Hyphema (blood in the eye trauma)
Eyes | Ophthalmology | Hyphema (blood in the eye trauma) (Disease)
The anterior chamber of the eye contains a clear liquid fluid called aqueous humor. The aqueous humor is secreted by the ciliary processes in the posterior chamber of the eye. The aqueous humor passes through the pupil into the anterior chamber. The aqueous humor provides important nutrition to the inner structures of the eye.
Hyphema is the medical term that describes the accumulation of blood in the anterior chamber of the eye. Anterior chamber is actually fluid-filled space located between the back of the cornea and the front of the iris, and contains aqueous humor.
Causes and Risk factors
Hiphema may occur in the form of strips as a bloody or blood accumulation in the iris or cornea, depending on severity. Most often occurs after trauma and may cause nepenetrante sudden and severe loss of vision.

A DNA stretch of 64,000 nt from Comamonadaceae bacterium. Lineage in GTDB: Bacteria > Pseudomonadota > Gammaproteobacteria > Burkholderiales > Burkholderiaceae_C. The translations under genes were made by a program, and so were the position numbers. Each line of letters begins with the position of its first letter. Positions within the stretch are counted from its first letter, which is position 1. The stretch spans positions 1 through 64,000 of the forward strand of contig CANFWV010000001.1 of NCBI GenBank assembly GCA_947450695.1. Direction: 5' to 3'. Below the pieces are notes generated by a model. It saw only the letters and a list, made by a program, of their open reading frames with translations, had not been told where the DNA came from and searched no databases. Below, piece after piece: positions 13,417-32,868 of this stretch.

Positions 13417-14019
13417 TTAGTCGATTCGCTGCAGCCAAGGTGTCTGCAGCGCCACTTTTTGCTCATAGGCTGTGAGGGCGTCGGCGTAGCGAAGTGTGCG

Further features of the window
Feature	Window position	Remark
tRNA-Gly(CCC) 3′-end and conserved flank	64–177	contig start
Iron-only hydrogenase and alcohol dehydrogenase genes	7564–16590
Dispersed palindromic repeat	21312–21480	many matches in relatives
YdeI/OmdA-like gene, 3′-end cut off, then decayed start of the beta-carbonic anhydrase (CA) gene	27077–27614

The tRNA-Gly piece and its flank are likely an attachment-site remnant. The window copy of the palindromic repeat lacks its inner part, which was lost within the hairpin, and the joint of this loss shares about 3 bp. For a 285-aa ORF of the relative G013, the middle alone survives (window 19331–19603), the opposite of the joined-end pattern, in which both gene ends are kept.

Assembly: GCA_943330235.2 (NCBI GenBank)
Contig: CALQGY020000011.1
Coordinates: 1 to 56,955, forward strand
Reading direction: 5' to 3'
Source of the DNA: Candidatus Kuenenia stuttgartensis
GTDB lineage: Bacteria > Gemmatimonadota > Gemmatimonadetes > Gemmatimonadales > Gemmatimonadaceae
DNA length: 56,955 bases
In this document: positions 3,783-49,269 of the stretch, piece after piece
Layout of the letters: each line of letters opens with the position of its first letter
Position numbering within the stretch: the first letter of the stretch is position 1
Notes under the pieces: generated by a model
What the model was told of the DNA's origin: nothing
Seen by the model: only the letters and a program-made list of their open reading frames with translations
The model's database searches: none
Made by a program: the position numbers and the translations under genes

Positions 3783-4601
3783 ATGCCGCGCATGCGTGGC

Blunt trauma to the eye can cause bleeding in the front (or anterior chamber) of the eye between the cornea and the iris. This bleeding into the anterior chamber of the eye is called a hyphema.
Diagnosis and Treatment
The disease may be complicated over time if not treated with haemosiderosis or heterochromia (the emergence of differences in color of the iris or in the same iris) and even with increased intraocular pressure. In some cases hyphema can resolve spontaneously if blood accumulation is not important, but most often require specialized treatment. Orbital fractures occur after trauma and strong facial bone consist of massive cracks in various degrees. Fracture can involve both orbital walls and floor, and if the force that caused the injury is quite strong, parts of its content can be pushed orbit paranasal sinuses. Patients are left with significant sequelae from these types of injuries, including diplopia and decreased visual acuity.